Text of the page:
Hydrostatic ionic liquid-lubricated fluid film bearing for a rotational electron-beam lithography system

Research output: Contribution to journalArticle

Abstract

Rotational electron-beam mastering (REBM) systems have been studied with the aim of achieving the high data density necessary to facilitate the fabrication of next-generation optical data media, such as holographic storage. This study reports the design and testing of an ionic liquid (IL)-lubricated hydrostatic spindle system comprising an IL bearing, IL supply pump, and ionic magnetic fluid seal; and its outgassing performance under high-vacuum conditions. An inner vacuum chamber pressure of approximately 10−4 Pa was maintained during rotation of the spindle system. The outgassed products, as measured by a quadrupole mass spectrometer, were primarily generated from the air components in the lubricant IL. The non-repeatable runout in the radial direction, which is an important parameter of REBM accuracy, was 100 nm for a rotational speed of less than 130 min−1. The proposed method can be used for a 100-nm scale REBM device.

Original languageEnglish
Pages (from-to)194-203
Number of pages10
JournalPrecision Engineering
Volume61
DOIs
Publication statusPublished - Jan 2020

Fingerprint

Bearings (structural)
Electron beam lithography
Ionic liquids
Electron beams
Fluids
Vacuum
Magnetic fluids
Degassing
Mass spectrometers
Seals
Lubricants
Pumps
Fabrication
Testing
Air

Keywords

  • High vacuum
  • Hydrostatic bearing
  • Ionic liquid
  • Ionic magnetic fluid
  • Magnetic fluid seal
  • Outgassing

Cite this

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abstract = "Rotational electron-beam mastering (REBM) systems have been studied with the aim of achieving the high data density necessary to facilitate the fabrication of next-generation optical data media, such as holographic storage. This study reports the design and testing of an ionic liquid (IL)-lubricated hydrostatic spindle system comprising an IL bearing, IL supply pump, and ionic magnetic fluid seal; and its outgassing performance under high-vacuum conditions. An inner vacuum chamber pressure of approximately 10−4 Pa was maintained during rotation of the spindle system. The outgassed products, as measured by a quadrupole mass spectrometer, were primarily generated from the air components in the lubricant IL. The non-repeatable runout in the radial direction, which is an important parameter of REBM accuracy, was 100 nm for a rotational speed of less than 130 min−1. The proposed method can be used for a 100-nm scale REBM device.",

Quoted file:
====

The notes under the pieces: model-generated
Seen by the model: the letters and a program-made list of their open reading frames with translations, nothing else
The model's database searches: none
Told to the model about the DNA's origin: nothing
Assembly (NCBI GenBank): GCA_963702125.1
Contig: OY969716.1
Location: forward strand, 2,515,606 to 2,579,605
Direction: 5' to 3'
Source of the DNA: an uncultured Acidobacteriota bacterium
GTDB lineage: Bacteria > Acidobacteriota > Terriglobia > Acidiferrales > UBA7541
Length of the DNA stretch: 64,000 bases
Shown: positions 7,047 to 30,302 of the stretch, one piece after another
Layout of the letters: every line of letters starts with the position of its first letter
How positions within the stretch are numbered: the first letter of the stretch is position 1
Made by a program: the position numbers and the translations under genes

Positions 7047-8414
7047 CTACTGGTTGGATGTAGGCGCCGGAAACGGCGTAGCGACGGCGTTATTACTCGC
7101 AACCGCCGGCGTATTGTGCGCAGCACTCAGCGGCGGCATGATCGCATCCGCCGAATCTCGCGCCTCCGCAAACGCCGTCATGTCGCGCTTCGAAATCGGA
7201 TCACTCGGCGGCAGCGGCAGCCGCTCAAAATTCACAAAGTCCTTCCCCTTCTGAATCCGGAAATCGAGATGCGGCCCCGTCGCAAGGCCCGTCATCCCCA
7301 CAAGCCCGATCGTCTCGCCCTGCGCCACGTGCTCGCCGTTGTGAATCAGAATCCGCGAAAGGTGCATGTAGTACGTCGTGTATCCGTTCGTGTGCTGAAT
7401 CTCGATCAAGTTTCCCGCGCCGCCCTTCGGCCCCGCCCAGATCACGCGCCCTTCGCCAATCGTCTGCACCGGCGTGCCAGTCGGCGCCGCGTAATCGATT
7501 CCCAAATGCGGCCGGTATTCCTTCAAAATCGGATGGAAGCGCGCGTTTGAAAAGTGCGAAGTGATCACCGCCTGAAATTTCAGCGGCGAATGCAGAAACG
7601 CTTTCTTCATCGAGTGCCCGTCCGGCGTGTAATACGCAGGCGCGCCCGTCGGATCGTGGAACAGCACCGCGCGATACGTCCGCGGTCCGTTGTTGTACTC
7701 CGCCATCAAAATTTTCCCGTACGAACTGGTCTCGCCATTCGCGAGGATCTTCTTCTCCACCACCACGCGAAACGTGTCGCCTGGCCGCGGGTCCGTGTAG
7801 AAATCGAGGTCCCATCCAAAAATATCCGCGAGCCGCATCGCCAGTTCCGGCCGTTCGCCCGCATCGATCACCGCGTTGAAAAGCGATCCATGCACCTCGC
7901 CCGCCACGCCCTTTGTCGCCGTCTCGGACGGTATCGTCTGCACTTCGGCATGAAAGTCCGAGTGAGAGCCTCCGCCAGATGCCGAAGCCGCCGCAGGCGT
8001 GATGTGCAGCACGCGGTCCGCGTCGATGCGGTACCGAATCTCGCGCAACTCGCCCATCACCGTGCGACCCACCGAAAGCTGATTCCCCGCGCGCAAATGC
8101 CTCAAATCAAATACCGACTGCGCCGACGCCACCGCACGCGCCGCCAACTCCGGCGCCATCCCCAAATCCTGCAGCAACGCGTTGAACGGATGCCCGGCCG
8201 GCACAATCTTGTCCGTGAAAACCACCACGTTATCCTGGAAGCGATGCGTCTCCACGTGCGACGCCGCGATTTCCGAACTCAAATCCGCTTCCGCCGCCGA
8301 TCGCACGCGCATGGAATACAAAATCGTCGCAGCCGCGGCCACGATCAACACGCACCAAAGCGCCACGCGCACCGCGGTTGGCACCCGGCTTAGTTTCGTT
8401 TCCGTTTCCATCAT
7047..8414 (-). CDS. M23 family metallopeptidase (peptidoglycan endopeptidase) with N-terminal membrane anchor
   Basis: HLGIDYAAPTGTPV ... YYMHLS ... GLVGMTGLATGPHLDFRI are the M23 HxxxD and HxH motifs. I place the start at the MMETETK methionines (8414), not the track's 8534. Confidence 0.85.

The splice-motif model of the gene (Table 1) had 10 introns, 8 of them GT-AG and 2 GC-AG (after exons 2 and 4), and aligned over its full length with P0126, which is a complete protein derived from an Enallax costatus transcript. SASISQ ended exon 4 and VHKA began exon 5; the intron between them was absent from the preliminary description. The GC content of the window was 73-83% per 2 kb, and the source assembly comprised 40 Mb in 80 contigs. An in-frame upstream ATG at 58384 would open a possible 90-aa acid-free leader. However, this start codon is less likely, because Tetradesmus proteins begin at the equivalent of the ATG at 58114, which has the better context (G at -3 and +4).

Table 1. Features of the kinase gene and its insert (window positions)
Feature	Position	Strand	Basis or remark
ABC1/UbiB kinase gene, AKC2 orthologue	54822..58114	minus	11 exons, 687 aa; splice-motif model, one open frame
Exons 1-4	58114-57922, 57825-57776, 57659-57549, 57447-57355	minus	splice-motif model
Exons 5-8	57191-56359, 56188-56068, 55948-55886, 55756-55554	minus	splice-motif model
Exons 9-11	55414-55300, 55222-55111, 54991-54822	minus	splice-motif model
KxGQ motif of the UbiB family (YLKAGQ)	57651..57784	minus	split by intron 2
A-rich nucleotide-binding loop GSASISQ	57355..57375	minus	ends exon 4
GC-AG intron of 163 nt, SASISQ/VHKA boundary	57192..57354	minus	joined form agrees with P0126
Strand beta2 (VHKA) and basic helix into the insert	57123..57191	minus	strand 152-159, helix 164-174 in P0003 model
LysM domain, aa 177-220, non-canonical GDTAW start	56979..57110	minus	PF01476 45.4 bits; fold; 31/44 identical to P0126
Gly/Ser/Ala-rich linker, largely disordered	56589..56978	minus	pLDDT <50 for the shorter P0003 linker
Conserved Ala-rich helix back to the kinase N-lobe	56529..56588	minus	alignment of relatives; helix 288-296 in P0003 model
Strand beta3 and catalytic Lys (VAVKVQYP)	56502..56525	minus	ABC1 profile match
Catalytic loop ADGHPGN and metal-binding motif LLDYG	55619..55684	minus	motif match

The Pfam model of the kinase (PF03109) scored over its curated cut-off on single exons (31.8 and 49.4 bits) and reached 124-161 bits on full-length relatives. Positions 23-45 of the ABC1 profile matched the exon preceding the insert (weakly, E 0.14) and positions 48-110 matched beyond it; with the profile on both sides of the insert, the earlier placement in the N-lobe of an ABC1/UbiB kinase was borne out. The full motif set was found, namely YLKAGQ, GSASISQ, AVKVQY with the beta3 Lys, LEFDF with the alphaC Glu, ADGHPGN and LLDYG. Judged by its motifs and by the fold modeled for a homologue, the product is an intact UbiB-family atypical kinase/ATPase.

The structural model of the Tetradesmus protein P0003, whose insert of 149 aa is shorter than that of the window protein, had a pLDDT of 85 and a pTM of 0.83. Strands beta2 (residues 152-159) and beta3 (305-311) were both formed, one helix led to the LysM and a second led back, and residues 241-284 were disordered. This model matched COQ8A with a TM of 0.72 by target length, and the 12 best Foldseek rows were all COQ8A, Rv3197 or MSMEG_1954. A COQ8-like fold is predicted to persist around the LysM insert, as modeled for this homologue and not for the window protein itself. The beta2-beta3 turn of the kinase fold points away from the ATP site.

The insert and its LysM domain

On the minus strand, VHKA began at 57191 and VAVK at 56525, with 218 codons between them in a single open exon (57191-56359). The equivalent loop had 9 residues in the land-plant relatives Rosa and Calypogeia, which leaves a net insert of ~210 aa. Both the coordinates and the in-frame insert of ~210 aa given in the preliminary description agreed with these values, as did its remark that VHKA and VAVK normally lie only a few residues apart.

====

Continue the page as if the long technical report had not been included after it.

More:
keywords = "High vacuum, Hydrostatic bearing, Ionic liquid, Ionic magnetic fluid, Magnetic fluid seal, Outgassing",
author = "Takao Okabe and Shinya Sasaki and Yukishige Kondo and Masaaki Miyatake and Shigeka Yoshimoto",
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AU - Okabe, Takao

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AU - Kondo, Yukishige

AU - Miyatake, Masaaki

AU - Yoshimoto, Shigeka

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N2 - Rotational electron-beam mastering (REBM) systems have been studied with the aim of achieving the high data density necessary to facilitate the fabrication of next-generation optical data media, such as holographic storage. This study reports the design and testing of an ionic liquid (IL)-lubricated hydrostatic spindle system comprising an IL bearing, IL supply pump, and ionic magnetic fluid seal; and its outgassing performance under high-vacuum conditions. An inner vacuum chamber pressure of approximately 10−4 Pa was maintained during rotation of the spindle system. The outgassed products, as measured by a quadrupole mass spectrometer, were primarily generated from the air components in the lubricant IL. The non-repeatable runout in the radial direction, which is an important parameter of REBM accuracy, was 100 nm for a rotational speed of less than 130 min−1. The proposed method can be used for a 100-nm scale REBM device.

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KW - Hydrostatic bearing

KW - Ionic liquid

KW - Ionic magnetic fluid

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